Wednesday, June 08, 2005

Just the facts


Crumbs for Africa - New York Times

According to a poll, most Americans believe that the United States spends 24 percent of its budget on aid to poor countries; it actually spends...just 0.16 percent of its national income to help poor countries, despite signing a United Nations declaration three years ago in which rich countries agreed to increase their aid to 0.7 percent by 2015. Since then, Britain, France and Germany have all announced plans for how to get to 0.7 percent; America has not. The piddling amount Mr. Bush announced yesterday is not even 0.007 percent.

Since November all the liberal rags I regularly read have been agonizing to figure out what spin "progressives" should adopt to get a crack at an election victory the next time around. Get religion or don't get religion? Reclaim the Center or play to the base? How to appeal to Joe Sixpack and the Soccer Moms, who to run and how to groom him or her, how to promote the Nurturing Parent over the Strict Father, how to play it.

I have a novel idea--cheaper than focus groups and effective. Get out the facts. Most Americans believe that we are spending almost a quarter of GDP on foreign aid; we aren't. Over a third of Americans believe that they are either amongst the richest 1% of Americans or will be within their lifetimes. Most believe that the rate of violent crime is rising; in fact, it's fallen steadily over the past 15 years. Most believe, falsely, that the "death tax" prevents owners of family farms and small businesses from passing down their farms and business to their children.

A picture of the Great American Illusion emerges. We believe that we are among the richest people in by far the richest and most generous nation on earth. We believe that in spite of our generosity, bad guys here and abroad are out to get us because they envy our wealth and freedom, and are viciously ungrateful for our largesse. We believe that we are a nation of shopkeepers and family farmers who, by dint of honesty and hard work, have achieved fabulous wealth and have nothing to fear but big government looking to take it away and give it to welfare mothers and terrorists.

What to do. Here's a thought: let progressives sponsor "citizenship" contests for elementary school students on the model of spelling bees at which questions about the household income of the richest 1% of Americans, the crime rate and the percentage of GDP going to foreign aid would figure. Nothing partisan about that: just the facts.

When our kid John was in elementary school he won a contest sponsored by a local veteran's group for writing an essay in response to the question, "Where would we be without the Declaration of Independence?" John argued that we'd be much better off without it because we'd be a Commonwealth Country like Canada, would have a socialist welfare state including the National Health, and more efficient toilets like the ones in his grandparents home in Swindon with the tank 8 feet off the floor and a chain to pull.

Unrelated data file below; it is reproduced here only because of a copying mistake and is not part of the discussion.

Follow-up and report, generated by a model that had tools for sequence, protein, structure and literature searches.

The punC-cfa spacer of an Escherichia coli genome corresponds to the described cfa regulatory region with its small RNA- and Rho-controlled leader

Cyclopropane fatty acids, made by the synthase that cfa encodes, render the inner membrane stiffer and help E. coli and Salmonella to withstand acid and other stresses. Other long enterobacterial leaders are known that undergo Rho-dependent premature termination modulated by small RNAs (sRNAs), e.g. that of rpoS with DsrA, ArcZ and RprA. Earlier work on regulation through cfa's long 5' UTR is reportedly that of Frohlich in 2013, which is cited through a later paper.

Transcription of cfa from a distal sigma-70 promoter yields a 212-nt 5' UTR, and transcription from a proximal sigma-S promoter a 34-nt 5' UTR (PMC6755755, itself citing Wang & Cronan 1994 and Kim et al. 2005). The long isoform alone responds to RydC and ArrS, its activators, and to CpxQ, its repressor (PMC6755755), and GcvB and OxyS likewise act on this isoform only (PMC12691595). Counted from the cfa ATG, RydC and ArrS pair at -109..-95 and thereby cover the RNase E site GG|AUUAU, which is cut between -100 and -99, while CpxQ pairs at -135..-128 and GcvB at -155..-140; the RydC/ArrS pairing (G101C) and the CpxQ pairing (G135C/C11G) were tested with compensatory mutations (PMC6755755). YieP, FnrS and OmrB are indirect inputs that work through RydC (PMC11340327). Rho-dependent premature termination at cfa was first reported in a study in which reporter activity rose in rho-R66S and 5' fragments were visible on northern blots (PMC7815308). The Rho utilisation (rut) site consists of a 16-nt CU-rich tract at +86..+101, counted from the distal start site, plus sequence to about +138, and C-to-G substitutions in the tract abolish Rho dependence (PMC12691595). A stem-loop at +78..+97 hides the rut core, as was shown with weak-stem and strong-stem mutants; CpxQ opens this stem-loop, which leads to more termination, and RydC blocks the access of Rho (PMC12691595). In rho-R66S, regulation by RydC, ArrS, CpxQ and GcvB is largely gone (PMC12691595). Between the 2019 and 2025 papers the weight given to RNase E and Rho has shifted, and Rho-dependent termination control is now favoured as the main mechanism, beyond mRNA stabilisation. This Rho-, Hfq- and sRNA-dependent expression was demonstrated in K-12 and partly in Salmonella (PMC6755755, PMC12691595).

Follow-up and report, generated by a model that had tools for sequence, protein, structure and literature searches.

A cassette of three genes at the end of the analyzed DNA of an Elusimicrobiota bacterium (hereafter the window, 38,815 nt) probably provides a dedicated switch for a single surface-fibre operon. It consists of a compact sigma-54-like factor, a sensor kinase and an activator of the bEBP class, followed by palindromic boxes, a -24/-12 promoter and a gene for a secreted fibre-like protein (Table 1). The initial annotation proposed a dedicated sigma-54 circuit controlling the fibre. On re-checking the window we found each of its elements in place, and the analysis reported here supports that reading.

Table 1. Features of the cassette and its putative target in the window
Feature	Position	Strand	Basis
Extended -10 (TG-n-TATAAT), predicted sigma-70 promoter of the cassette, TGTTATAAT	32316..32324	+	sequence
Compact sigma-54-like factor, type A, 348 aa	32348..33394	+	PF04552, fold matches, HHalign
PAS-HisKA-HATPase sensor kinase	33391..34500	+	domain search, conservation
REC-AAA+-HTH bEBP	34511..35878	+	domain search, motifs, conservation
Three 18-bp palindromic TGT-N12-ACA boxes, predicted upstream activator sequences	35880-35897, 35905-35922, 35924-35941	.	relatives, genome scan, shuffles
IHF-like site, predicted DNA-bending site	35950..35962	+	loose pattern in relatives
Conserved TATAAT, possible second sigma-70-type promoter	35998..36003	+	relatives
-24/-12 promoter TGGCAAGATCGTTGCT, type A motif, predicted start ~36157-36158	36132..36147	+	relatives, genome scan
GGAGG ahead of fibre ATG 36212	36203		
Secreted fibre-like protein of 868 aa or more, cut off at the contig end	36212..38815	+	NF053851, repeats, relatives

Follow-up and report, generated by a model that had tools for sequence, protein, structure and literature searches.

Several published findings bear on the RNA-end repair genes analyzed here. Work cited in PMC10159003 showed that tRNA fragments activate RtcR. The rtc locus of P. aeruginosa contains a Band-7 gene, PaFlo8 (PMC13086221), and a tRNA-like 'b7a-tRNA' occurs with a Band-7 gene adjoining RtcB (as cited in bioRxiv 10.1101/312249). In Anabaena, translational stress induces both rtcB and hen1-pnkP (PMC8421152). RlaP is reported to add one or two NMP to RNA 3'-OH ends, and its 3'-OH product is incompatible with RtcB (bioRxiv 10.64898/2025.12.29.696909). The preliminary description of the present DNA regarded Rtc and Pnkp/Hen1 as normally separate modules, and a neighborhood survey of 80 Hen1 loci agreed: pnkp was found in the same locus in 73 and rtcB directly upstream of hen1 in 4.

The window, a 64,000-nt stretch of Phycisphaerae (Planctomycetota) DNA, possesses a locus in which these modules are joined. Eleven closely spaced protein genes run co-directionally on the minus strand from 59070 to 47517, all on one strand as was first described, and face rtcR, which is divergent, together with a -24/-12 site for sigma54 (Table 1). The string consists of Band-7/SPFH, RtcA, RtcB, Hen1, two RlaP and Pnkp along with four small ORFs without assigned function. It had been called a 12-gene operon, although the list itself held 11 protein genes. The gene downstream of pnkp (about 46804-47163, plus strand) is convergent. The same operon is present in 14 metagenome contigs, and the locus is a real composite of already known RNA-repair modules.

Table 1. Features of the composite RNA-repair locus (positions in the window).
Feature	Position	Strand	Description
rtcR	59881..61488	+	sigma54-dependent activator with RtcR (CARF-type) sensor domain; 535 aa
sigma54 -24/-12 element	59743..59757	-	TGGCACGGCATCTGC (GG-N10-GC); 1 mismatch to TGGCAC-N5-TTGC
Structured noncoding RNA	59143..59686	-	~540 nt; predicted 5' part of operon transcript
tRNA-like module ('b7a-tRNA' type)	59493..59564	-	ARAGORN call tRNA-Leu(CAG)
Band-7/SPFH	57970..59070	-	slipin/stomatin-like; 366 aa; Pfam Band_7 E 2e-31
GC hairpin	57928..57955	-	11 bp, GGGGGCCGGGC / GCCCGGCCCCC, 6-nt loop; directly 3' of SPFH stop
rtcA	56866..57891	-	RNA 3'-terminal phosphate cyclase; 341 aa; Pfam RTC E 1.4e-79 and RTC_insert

You can't lose with the facts.

2 comments:

Brian Larry said...

As an elementary school student John was obviously bright and should be commended for taking and defending a novel position in response to a leading question.

I wonder, though, what sort of country Canada would be without a wealthy southern neighbor to buy stuff from and sell stuff to? If the U.S. were one big Canada--how would WWI and WWII have gone for the rest of the world (bearing in mind that many believe U.S. factories had a far greater impact than U.S. soldiers.)?

Assuming that Europe would have come out of WWII looking much as it does now (assuming the same about WWI)--I wonder who would have supplied sufficient arms to Nato during the cold war? (assuming that the war would have been a cold one, instead of an openly heated one, absent the U.S.)

Since the Berlin wall fell--I can see an argument that the world might be a better place if the U.S. were more Canada like. Before that...I can see an argument that the U.S. might be better off--but at the expense of much of Europe. Do weapons and soldiers to help prevent totalitarian governments from conquering socialist ones count as aid? Have other countries given more in that department?

Rakovsky said...

"If the U.S. were one big Canada--how would WWI and WWII have gone for the rest of the world (bearing in mind that many believe U.S. factories had a far greater impact than U.S. soldiers.)?"

First, Roosevelt's policies were very much like Canada's, and Canada could be said to simply have expanded on his ideas.

There is nothing to say that having Socialist policies would make a country poorer or industrially weaker - Norway is actually the second most efficient decent sized country in the world (GDP per capita), and has a Social Democratic system even more developed than Canada.